Archive for the ‘J W Mallory’ Tag

West Pender and Seymour – nw corner (2)

Seymour & Pender nw

Here’s another view of the Delmonico Hotel, this time in 1956 – (our earlier post of this building showed it in 1935). According to the Vancouver Daily World in 1892 it was built for the Marquis of Queensbury to replace the St. Charles Hotel. The Marquis was a Scottish aristocrat with an interest in boxing and noted for his atheism, which was relatively unusual for the time.

1892 fireWe now know why he hired Fripp and Wills to design a new hotel – he owned the St Charles Hotel that was destroyed by fire in February of 1892, along with the Arlington Hotel that was next door. We originally thought he had built the new Delmonico on the same site as the St Charles, but we were wrong; the St Charles was on the south side of the street; the Delmonico was built across Pender Street.

Windsor Hotel 1889Or so we thought – until we noticed this image of the Windsor Hotel from 1889. It was on the corner of Pender and Seymour, run by H A Brocklesbury and W H Allen in 1890 and Ermatinger and Co in 1889. It’s clearly the same building that became the Delmonico, so the newspaper story iwas somewhat misleading. We haven’t found the developer or architect for the Windsor.

Described as a ‘handsome brick and stone building’, the Delmonico was added to and altered by architect J W Mallory in 1900, in the year that T Donovan was proprietor. A number of long-term residents lived at the hotel that year, including C W Mullen who was the treasurer of the Savoy Theatre. In 1910 William Steele had the hotel, and there were still several residents listed in the street Directory.

Like so many of the buildings we have looked at, the operators and the name change constantly. This is by no means a comprehensive study – just random examples. By 1915 the Delmonico name was being used by a cafe on Robson Street, and the residential part of the old Delmonico were the Terminal Rooms run by George Lamoureuc, upstairs from the Terminal Pool Room run by F Sim with two vacuum cleaner companies in the corner unit next door to the Gilt Edge Lunch. By 1920 the name had changed again, this time to the Mason Rooms, run by John Woolfe. The Pender Buffet was on the corner, run by Thomas Dixon. In 1930 they were the Manor Rooms with the Hollywood Taxi Co operating from the main floor with the Lions Gate Barbers Shop and central Shoe Repairs.

They retained the Manor Rooms name all the way through to this 1956 image, when the Pagoda Shop selling ‘Oriental Goods’ was the retail tenant on the corner, as they had been from the early 1950s. Nick’s Billiards was next door on one side, a barbers and a dealer in foreign stamps on the other.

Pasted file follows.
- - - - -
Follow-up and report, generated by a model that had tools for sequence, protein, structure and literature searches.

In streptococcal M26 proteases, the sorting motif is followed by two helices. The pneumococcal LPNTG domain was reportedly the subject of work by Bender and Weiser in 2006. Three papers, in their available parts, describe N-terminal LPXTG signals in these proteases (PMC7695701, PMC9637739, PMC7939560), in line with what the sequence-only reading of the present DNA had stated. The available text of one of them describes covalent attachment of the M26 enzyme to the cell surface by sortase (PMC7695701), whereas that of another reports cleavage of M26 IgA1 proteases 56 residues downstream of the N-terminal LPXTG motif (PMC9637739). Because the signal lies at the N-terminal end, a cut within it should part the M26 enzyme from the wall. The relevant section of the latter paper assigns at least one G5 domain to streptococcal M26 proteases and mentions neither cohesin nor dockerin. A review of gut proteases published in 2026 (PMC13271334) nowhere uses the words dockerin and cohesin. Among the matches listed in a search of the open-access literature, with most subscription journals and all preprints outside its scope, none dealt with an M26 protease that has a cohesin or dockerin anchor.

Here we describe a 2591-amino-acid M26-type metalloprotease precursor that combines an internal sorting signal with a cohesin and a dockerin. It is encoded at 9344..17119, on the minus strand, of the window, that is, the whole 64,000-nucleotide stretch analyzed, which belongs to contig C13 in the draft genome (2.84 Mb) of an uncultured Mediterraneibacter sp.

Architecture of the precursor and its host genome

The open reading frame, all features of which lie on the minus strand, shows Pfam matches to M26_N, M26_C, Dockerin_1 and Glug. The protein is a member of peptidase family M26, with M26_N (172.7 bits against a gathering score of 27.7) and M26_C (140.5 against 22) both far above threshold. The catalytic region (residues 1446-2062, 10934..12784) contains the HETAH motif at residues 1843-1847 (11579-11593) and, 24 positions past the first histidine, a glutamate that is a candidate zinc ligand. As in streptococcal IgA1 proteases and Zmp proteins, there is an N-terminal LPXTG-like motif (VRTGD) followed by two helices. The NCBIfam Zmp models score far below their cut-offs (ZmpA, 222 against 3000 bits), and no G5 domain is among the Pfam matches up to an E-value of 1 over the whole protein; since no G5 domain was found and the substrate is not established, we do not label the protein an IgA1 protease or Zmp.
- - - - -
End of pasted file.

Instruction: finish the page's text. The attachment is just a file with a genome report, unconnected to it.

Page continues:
The 1969 parkade that replaced the Delmonico (and the many other names over the years) is being repaired, so unlike so many of the city’s other parkades it looks as if it will have a few more years of life.

Image sources: City of Vancouver Archives CVA Bu P508.68, 118 Hot P26



Posted 17 June 2013 by ChangingCity in Downtown, Gone

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Bodega Hotel – Carrall Street

There’s been a Bodega Hotel on Carrall Street since 1887, soon after the fire that devastated the months old new city. This isn’t it – the original wooden hotel lasted just 13 years. (The first Bodega is on the left in the postcard below – from around 1889). Joe Fortes, when he wasn’t at English Bay, was the barman in the hotel’s saloon.

The building we see today is the 1900 replacement, built in more fire-proof materials and on a grander scale. J W Mallory (he was John Wesley Mallory) was the architect, and it’s the only surviving building he designed, in this case for John B Lovell. Lovell was an absentee landlord. Like the owner of the building to the north, the Alhambra Hotel, Lovell lived in Victoria. He was born in Buckinghamshire in England in 1831, moved with his family to the United States and then Canada in 1842. He moved to Victoria in 1858, and then on to the Cariboo where he mined in the gold rush, established a mercantile company and became postmaster in Glenora. He may well have known George Byrnes, the owner of the Alhambra/Byrnes Block as Byrnes was an auctioneer in Barkerville, and Lovell was a founding member of the Cariboo Masonic Lodge based in Barkerville.

He returned to Victoria before 1879 and managed the BC Co-operative Company store on Douglas Street. In 1891 he was the census commissioner for the city of Victoria and in 1892 he was elected an Alderman and served on the Board of School Trustees from 1892 to 1896. Although the 1901 Census shows him as being retired, his retirement was presumably quite active as he built the Bodega in 1900. He also paid for repairs to 121 Water Street, a site he had bought from the Methodist Church in 1888. He died in 1915.

In 1905 The Bodega was only the name of the saloon; the rooms upstairs were called the Oakland Rooming House. By 1910 they were back to the Bodega Rooming House. By 1920 it was the Bodega Cafe and the Bodega Hotel was upstairs and in 1926 the name changed to the Fraser Hotel, a name it retained for many decades – our image shows it in 1978. (Whether intentional or not, the name was appropriate as Angus Fraser’s house had stood on the site as early as 1877). Like most of the hotels in the area, the hotel eventually returned to being a rooming house, but in 1993 it was one of the earliest live-work studio condo conversions, designed by Marshall Fisher Architects. Today, among the retail tenants is LynnSteven, a clothing store with an award-winning MGB designed interior.


Posted 20 October 2012 by ChangingCity in East End, Still Standing

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